Just before 6:00 p.m. on Tuesday, January 21, 2020, protesters started gathering outside of the Governor’s residence, La Fortaleza, in Viejo San Juan to demand the resignation of Governor Wanda Vázquez. The second night of a new wave of demonstrations against the government’s mishandling of post-disaster recovery kicked off with manifestantes marching up-and-down Calle de la Resistencia, proudly raising a chorus of flags– both the black-and-white resistance as well as the sky-blue Puerto Rican flags, and those for transgender and LGBT pride– to the rhythm of protest chants, whistles and tambourines, and the familiar music of cacerolazo protests (the iconic banging of metal pots and pans).
I arrived at the protest by Uber, getting to know the driver as we rode from Santurce to La Fortaleza. She was from Ponce, a city along the southern coast of the main island that was, at the time, being hit by several 5-magnitude earthquakes and their subsequent tremors. She shared with me her reaction to the first earthquake– how afraid she was, how she quickly scooped up her pets and took shelter in the bathroom. She continued to explain how her community was impacted, not just physically, but psychologically; anxiety and nerves were growing ripe throughout the neighborhood, with folks not knowing if it was safe to sleep indoors or what to expect next. Contrasting this with Hurricane María, she said “a hurricane comes and it goes– but earthquakes… you don’t know when the next one will come.” One thing was for sure though– the people of Puerto Rico had learned they could not count on their government.
As I joined the protest in solidarity that evening, I was captured by street art’s integral presence in the demonstration. The graffiti highlighted in these two photos caught my attention almost immediately for their poetic presentation of the protest’s themes.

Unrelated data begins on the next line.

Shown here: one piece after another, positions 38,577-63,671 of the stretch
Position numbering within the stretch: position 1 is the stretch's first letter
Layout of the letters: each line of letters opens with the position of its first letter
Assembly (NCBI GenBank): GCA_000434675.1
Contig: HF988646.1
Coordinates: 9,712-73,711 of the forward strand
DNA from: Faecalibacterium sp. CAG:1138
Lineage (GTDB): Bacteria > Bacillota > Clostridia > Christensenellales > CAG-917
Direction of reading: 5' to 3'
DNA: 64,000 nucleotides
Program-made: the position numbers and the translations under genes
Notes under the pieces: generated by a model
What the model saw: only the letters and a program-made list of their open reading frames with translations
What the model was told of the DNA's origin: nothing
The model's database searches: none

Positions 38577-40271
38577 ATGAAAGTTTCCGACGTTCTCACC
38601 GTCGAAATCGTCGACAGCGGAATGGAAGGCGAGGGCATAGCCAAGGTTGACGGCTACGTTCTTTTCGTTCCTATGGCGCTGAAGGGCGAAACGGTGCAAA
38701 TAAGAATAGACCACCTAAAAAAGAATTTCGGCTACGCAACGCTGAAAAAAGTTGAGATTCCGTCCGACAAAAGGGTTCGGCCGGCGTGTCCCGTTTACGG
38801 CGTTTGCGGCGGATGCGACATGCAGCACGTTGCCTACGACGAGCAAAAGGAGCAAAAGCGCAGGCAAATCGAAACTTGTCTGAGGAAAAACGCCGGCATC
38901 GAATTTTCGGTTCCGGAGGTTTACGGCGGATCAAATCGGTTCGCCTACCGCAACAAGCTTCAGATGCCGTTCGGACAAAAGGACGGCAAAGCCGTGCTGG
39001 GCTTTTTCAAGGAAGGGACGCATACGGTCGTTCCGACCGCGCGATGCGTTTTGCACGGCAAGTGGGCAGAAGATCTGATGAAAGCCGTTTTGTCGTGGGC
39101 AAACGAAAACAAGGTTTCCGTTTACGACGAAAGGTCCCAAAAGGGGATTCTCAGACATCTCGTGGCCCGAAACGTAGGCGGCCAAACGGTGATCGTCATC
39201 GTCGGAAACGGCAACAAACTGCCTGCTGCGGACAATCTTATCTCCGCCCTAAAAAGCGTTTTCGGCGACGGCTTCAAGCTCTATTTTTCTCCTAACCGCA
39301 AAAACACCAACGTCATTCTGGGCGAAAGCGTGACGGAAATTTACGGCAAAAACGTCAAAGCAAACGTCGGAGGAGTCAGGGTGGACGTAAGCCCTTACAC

The first image depicts the “Gobierno Culpable” (guilty/ culpable government) as a skull and crossbones bleeding money like a grim piggy-bank over a cemetary of skulls, offering a few interpretations. Firstly, the street art invites us into an indictment of the government as a necropolis. While visually similar, the presence and absence of the crossbones presents an important distinction between the singular skull (the government) and the many skulls (el pueblo) because of the connotation of a skull-and-crossbones; one is deadly while the others are dead.
Another reading that incorporates the portrayal of money offers yet more interpretations. The depiction of government money landing not on the skulls of the people, but instead retreating further out of the picture suggests the people’s inability to access public funds, demonstrating the violent link between neoliberal austerity measures and public health. Instead of investing in public resources that could save lives (especially in a post-María Puerto Rico) this money may instead be retreating to the private coffers of debt-collectors, U.S. corporations capitalizing on tax loopholes, or to private companies corruptly awarded no-bid infrastructure contracts.
The repeated use of gobierno culpable, as captured by the second image, undeniably casts post-María fatalities as political deaths. This second image also introduces us to another concept with the other drawing in the background, that of a black-and-white Puerto Rican flag with the caption “el sur no duerme porque tiembla / el gobierno tampoco por la resistencia.” Roughly translating to “the south doesn’t sleep because it trembles / neither does the government due to the resistance,” this slogan references and relates the month-long earthquakes devastating the southern coast of Puerto Rico with the revived protest against the government’s (mis)handling of the disaster. This phrase also cleverly plays with multiple meanings of the word tremble: while the south literally trembles from earthquakes, the government “trembles” in a suggested state of fear at the tremendous political force of the people mobilizing en masse.
And it should. The protest is the legacy of those from the previous summer which successfully ousted Governor Ricardo Rosselló. The chanting of “solo el pueblo salva al pueblo” that rang throughout the night was both a denunciation of the neoliberal and colonial government blamed for 4,645 deaths after Hurricane María as well as a rallying cry for something new and reliable: a democracy of and for the people.